A prime goal of the Harpeth Bike Club is to promote safety on the road. Dr. Michael has examined the topic and provides these very useful tips:
There have been a few people injured in cycling accidents recently. Some of us recently had a discussion of what to do if there is a wheel overlap and rubbing of wheels. What is the best way to avoid a fall?
Touching wheels is the major cause of crashes in a peloton or group, so it is important to know what to do to avoid falling if your front wheel gets hit. This is a composite of advice from a number of sources to avoid wheel overlap and falls.
1. Paceline riding to avoid wheel overlap: Match gearing and cadence with the rider next to you. If you pull, maintain a steady speed or cadence (on hills). Stay away from surges at the front.
2. If the paceline slows or yo-yo’s: Feather the rear brake. Coast a pedal stroke or two. Don’t swerve, the rider behind you is depending on your line. Someone stated it well “If a guy at the front moves over 4 inches, then at the back it is amplified to 4 feet”
3. If someone falls in front of you: Don’t get caught watching as the first rider goes down. Focus on an exit strategy. Find a way around or through the trouble ahead. Point the bike straight, level the pedals, and flex your knees and elbows. You will absorb an impact better and allow yourself a chance to ride out of the accident.
4. What to do if there is Wheel Contact: The key to recovering from a wheel contact is to turn your front wheel into the other bicycle’s rear wheel. This allows you to regain balance and then turn away without crashing.
When an overlapped wheel is bumped, turn into the direction of contact. Turn your wheel slightly into the other rider’s back wheel and stop pedaling until the other bike pulls away. Do not overreact. You bike wants to go straight. Keep it straight and then you will pull away slightly. So, if your front wheel taps a rear wheel on your left side, turn the handlebar left into the other bike and lean that way. It is exactly opposite of what you want to do. This provides a counterforce that pushes you and your bike away, together, from the rear wheel without losing your center of gravity. In this technique, your entire body and bike will act as one solid unit and be more likely to bounce off rather than jackknife into a crash. This is the why the Pro’s lean on each other during contact in a sprint.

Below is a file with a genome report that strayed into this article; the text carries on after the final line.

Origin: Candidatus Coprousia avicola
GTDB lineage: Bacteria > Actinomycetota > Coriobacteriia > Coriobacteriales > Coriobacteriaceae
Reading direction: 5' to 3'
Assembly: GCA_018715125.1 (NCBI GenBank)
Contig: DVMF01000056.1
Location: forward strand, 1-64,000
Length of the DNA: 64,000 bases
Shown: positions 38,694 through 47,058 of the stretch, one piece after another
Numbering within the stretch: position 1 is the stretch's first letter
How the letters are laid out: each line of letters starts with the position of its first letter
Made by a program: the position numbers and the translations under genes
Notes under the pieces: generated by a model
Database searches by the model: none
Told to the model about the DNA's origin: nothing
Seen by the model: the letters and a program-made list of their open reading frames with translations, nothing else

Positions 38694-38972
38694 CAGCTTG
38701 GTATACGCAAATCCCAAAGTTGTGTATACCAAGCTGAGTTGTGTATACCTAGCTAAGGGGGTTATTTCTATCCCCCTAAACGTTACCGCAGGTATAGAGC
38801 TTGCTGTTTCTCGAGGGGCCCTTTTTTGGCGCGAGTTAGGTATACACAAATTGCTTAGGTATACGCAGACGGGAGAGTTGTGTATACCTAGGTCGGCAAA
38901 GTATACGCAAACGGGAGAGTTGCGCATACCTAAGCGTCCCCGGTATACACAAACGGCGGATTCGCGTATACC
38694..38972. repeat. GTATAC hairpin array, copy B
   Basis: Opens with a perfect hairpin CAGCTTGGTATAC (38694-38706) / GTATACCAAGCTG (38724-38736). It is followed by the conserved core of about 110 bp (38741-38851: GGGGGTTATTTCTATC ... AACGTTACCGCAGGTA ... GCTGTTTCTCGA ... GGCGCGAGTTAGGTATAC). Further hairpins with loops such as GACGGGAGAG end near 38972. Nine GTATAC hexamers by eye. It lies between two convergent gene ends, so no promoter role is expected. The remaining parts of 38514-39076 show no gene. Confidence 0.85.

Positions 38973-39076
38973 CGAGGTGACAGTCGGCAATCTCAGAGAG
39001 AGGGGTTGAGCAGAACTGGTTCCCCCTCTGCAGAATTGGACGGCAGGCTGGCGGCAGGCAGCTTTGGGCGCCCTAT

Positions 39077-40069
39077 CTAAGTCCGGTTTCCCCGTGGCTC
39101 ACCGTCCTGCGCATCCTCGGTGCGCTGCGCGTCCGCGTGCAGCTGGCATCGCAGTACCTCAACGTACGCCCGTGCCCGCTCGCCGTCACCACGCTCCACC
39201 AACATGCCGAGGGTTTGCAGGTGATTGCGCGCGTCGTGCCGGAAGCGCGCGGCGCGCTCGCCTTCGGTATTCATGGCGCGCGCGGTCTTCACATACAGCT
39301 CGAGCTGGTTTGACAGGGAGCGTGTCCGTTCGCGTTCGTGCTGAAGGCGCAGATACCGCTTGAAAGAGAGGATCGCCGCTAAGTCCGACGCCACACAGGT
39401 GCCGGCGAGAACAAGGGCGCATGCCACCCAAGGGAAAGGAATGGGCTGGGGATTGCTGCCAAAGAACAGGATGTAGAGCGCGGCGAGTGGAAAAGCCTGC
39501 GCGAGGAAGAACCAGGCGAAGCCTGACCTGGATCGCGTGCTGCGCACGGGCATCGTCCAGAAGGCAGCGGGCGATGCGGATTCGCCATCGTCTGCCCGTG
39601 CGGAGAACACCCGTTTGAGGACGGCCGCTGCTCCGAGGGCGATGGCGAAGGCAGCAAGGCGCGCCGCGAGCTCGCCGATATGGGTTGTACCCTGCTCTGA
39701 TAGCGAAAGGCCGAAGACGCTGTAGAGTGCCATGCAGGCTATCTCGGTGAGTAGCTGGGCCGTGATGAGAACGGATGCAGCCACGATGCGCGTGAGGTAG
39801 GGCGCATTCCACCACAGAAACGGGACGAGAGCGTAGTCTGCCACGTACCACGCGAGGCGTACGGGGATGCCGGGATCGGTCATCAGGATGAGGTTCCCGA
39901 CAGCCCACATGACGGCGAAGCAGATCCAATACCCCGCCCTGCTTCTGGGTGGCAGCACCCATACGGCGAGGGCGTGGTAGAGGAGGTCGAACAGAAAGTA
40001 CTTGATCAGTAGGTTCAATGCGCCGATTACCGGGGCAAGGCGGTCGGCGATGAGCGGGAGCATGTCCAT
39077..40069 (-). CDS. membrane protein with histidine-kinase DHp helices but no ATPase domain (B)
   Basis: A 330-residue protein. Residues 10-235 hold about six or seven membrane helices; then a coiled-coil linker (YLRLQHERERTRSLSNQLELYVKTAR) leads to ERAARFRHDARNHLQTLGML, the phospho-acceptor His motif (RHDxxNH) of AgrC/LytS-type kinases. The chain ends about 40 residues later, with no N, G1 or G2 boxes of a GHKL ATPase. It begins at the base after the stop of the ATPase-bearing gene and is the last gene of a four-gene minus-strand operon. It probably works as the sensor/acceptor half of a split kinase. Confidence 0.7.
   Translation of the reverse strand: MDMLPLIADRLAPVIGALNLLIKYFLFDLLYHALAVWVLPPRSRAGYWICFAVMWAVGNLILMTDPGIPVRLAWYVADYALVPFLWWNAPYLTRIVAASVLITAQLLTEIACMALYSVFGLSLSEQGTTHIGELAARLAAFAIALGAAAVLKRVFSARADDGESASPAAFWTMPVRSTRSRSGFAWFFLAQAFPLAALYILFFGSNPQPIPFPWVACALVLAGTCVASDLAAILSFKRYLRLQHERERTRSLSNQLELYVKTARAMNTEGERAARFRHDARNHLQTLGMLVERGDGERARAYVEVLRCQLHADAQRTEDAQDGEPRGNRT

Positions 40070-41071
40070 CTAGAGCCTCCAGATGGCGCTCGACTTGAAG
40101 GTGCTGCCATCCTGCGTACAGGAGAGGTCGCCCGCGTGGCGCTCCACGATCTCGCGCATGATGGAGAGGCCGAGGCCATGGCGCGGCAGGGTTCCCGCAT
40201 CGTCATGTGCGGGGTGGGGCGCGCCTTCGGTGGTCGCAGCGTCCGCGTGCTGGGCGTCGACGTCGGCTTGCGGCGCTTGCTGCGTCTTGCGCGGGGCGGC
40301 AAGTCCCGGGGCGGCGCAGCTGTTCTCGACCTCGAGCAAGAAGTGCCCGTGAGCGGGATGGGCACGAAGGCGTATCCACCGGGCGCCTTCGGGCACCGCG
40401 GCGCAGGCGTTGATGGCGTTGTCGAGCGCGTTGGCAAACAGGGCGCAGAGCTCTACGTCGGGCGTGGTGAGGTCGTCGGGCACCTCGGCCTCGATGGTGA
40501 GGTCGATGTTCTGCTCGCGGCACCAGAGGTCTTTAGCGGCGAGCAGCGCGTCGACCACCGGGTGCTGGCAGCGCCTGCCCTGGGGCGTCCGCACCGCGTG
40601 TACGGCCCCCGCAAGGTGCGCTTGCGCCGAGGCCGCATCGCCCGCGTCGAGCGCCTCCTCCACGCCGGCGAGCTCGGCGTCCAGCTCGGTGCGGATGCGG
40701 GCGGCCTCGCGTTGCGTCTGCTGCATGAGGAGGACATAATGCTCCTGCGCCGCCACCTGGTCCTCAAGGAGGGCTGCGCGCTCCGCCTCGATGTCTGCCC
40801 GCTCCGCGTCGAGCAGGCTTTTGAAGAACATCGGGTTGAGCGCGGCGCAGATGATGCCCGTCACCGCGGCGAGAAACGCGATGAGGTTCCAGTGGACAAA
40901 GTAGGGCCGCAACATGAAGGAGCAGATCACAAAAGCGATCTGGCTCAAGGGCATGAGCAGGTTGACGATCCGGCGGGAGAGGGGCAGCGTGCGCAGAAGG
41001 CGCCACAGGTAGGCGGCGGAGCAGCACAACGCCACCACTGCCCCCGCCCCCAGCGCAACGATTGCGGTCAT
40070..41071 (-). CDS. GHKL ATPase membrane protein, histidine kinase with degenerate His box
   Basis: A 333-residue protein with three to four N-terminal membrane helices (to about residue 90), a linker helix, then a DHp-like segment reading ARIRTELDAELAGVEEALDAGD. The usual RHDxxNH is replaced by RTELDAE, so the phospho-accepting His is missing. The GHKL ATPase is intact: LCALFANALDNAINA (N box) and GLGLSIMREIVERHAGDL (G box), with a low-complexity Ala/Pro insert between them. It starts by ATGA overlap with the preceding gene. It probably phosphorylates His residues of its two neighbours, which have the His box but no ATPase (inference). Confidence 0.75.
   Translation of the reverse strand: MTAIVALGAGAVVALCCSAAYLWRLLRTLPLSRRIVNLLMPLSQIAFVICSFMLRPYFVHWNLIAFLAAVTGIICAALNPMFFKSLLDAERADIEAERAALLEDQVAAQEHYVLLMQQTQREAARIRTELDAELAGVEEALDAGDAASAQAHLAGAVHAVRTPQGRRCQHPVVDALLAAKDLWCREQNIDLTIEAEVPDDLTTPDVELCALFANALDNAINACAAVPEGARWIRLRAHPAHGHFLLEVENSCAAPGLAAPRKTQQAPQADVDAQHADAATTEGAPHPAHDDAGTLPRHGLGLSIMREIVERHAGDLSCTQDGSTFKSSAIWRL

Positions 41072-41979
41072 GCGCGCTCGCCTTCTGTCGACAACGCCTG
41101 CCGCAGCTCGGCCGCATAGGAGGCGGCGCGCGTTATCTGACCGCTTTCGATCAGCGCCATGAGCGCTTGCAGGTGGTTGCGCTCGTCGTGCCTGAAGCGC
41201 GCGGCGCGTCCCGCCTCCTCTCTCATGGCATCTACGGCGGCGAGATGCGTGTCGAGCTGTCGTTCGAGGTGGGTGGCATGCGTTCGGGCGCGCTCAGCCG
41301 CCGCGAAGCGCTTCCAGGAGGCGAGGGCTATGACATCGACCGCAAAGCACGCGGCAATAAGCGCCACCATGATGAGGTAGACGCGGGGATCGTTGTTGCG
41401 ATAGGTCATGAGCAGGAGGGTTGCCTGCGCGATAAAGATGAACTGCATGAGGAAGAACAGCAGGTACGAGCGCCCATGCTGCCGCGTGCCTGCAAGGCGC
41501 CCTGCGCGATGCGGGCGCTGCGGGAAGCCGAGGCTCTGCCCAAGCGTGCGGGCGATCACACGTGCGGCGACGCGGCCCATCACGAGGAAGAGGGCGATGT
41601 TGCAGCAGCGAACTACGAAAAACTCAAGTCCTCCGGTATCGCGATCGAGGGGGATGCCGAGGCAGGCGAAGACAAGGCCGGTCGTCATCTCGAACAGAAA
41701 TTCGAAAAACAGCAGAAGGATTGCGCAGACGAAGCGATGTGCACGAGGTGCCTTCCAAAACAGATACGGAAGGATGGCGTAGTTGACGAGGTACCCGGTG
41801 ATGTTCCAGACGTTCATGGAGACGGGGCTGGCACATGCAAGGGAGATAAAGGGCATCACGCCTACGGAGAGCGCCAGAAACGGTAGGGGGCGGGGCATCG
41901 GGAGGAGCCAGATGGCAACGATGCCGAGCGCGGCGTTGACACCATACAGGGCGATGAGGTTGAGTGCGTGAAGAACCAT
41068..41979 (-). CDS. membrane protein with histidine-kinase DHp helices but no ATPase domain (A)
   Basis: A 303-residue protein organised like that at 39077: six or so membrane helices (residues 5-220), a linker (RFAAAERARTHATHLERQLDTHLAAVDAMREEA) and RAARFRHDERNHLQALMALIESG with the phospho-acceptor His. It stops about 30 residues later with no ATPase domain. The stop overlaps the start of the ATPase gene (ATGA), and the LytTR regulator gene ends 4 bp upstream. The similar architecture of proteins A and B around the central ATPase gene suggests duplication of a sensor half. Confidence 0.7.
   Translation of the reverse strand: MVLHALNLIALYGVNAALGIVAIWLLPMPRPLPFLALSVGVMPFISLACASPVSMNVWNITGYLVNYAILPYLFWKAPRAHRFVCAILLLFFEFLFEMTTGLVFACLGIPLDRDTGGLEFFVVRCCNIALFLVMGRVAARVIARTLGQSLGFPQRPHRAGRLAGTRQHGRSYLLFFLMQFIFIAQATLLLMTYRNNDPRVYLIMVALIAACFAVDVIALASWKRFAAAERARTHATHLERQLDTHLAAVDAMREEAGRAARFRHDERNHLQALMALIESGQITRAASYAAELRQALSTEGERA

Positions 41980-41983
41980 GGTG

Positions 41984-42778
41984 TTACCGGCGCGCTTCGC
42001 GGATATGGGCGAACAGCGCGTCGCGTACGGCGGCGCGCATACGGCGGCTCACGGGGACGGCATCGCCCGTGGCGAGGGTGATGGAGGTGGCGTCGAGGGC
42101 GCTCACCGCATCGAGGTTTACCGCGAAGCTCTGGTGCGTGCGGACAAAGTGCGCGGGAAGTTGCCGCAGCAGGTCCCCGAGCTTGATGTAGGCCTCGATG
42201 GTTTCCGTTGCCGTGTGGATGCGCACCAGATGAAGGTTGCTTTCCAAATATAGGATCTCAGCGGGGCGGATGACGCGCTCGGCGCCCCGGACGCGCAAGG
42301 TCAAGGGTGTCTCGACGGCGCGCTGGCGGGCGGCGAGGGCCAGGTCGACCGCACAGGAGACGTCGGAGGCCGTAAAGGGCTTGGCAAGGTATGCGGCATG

Here is the reason why.
When the wheels touch from overlap, his rear wheel pushes my front wheel to the left as if I’m starting to turn left. However, the bicycle itself continues going forward, resulting in an immediate fall because the wheel was turned to the left without a corresponding lean to the left by the bicycle.
This explanation can be tested by walking a bike in a straight line, then turning the wheel right or left without leaning the bike in the same direction. The bike will immediately become unbalanced and want to fall. This is the same reason why it is important to leaning into a corner when making a turn on a bike.
Instinctively when wheels touch, the trailing rider (front wheel touch) will want to separate immediately and will jerk the handlebar away from the other rider’s back wheel. But that turn of the wheel without the bicycle leaning in the same direction (while the bicycle continues to go forward) will cause a fall.
I am hoping this explanation, taken from various sources, will help in being able to recover safely from contact of a wheel overlap.